A NEW community stadium and college on the site of Sheffield’s demolished Don Valley is set to keep its sporting legacy alive.
Project leaders say the Olympic Legacy Park will “create a new labour force for the health and wellbeing sector”.
Plans for sports pitches, a university technical college and sports engineering buildings have been drawn up to sit alongside a new £16m “superschool” on part on the land, due to open in September next year.
The site, once home to the 25,000-capacity stadium which nurtured the talents of Olympic gold medallist Jessica Ennis-Hill, will also provide a new home for the city’s rugby league side, Sheffield Eagles. The Sheffield Sharks basketball team is also in talks about a possible move to the venue.
Sheffield-born Olympian Lord Coe has given his backing to the scheme as the funding bid is prepared.
Former Sheffield MP and Sports Minister Richard Caborn said: “Sheffield has established itself as a lead in high-value manufacturing and now we want to do the same for health and wellness. The city could be the first in the UK to have this sort of focus.
“The council, the universities and the hospital trust are working together on this.
“Seb Coe has met with us and given us support. It forms part of the Olympic legacy.”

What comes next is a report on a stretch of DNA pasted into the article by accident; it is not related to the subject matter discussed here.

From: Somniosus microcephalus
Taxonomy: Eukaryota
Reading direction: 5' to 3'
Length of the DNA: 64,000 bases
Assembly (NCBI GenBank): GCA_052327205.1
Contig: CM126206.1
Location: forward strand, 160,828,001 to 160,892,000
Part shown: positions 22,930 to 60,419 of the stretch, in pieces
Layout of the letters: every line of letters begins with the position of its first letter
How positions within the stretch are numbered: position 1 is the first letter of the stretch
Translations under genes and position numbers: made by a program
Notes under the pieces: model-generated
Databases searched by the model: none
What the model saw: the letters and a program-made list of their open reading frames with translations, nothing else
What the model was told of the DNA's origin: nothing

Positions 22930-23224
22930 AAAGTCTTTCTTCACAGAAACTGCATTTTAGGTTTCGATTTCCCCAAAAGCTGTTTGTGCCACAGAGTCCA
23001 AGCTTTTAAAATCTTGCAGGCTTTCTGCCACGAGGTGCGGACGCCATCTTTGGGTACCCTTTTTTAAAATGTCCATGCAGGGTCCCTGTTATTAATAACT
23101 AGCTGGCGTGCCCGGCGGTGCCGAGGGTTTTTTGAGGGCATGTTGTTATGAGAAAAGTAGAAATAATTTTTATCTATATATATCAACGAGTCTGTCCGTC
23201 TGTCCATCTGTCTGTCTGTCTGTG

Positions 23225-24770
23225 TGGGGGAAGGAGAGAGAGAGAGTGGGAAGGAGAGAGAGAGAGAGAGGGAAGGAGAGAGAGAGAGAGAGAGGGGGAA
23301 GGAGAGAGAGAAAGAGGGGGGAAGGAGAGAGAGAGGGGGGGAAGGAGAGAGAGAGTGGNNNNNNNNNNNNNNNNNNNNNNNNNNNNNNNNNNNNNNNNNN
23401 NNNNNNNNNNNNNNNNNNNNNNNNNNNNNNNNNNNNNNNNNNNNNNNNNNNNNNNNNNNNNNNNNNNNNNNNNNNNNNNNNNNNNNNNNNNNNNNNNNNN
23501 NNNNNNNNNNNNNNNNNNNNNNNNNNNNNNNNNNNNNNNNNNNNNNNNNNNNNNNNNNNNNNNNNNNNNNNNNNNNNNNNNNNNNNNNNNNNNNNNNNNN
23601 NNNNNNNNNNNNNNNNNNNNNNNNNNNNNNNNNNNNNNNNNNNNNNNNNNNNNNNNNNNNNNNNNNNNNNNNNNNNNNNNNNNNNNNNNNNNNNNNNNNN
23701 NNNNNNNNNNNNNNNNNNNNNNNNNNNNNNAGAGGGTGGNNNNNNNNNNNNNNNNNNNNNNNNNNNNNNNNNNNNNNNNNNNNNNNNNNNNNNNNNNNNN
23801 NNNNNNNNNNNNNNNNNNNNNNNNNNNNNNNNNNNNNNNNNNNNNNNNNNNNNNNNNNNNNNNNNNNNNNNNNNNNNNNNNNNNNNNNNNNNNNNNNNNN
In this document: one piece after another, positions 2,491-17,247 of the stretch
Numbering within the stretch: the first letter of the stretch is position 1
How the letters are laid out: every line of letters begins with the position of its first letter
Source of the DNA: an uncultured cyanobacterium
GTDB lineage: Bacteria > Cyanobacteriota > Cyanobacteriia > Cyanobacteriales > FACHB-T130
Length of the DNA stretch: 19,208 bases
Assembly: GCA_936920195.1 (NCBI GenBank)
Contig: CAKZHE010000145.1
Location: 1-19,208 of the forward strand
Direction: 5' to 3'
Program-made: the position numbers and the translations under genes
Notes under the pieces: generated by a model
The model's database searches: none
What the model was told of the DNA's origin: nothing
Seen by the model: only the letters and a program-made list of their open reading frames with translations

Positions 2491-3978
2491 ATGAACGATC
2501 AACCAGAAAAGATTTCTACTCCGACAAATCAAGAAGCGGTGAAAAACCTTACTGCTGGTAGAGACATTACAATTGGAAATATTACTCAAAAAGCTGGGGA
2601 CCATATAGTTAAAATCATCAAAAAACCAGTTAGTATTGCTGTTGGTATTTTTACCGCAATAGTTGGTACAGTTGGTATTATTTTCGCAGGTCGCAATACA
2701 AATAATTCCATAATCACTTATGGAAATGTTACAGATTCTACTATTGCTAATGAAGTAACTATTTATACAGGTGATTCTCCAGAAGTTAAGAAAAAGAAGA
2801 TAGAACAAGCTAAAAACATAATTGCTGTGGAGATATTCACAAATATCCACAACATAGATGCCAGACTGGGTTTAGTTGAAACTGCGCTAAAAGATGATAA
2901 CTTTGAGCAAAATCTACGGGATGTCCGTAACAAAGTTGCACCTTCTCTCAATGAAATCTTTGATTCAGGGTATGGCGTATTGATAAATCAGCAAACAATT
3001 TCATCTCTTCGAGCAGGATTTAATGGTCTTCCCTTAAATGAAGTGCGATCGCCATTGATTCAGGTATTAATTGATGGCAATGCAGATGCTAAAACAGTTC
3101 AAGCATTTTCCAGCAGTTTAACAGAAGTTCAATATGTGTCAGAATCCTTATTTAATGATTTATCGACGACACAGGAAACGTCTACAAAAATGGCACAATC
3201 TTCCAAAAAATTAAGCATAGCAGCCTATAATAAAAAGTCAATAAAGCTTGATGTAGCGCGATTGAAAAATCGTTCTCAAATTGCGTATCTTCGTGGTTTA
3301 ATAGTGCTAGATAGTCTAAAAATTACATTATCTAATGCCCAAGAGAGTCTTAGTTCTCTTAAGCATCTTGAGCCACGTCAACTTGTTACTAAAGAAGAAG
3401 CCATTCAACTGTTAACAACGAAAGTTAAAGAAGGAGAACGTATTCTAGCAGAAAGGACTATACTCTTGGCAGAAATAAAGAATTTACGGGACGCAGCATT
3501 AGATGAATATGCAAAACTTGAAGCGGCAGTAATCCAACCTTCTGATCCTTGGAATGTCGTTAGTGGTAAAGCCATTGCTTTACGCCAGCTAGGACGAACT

Representatives from Sheffield Council, Sheffield Teaching Hospitals NHS Foundation Trust and Hallam University are due to meet with the Department of Education and the Baker Dearing Trust next month.
They are seeking £9m for the proposed community stadium. A decision is expected in October.
Mr Caborn said the focus on the community use of the stadium means that it will avoid meeting the same fate as Don Valley.
Sheffield Council’s decision to close and demolish the venue was met with outcry from members of the public when it was announced in January last year.
A new athletics facility leased to Sheffield Hallam University was opened as a replacement last October.
Mr Caborn said: “Big stadiums are costly things.
“No one ever actually watched Jessica Ennis run around that track, even though she did many times. Why would you keep nearly 30,000 seats costing £250,000 every year when they are empty?
“I think once people will look at it logically when they see the facts and how it will be better used.”
Proposals for the Don Valley site come following the announcement that Sheffield is to be one of three UK cities to be made a National Sports and Exercise Medicine Centre of Excellence.
Improvements to existing facilities across the city are already being carried out as part of the project, with a new swimming pool and leisure centre planned for the north of Sheffield. It is hoped the Don Valley sports campus could provide the main headquarters for the national centre.
The chief executive of Sheffield Teaching Hospitals NHS Foundation Trust, Sir Andrew Cash, said: “Sheffield is well-placed for this. It has world class sport and medical facilities complemented by world class research and educational programmes at its two universities and award-winning public health and voluntary sector programmes.”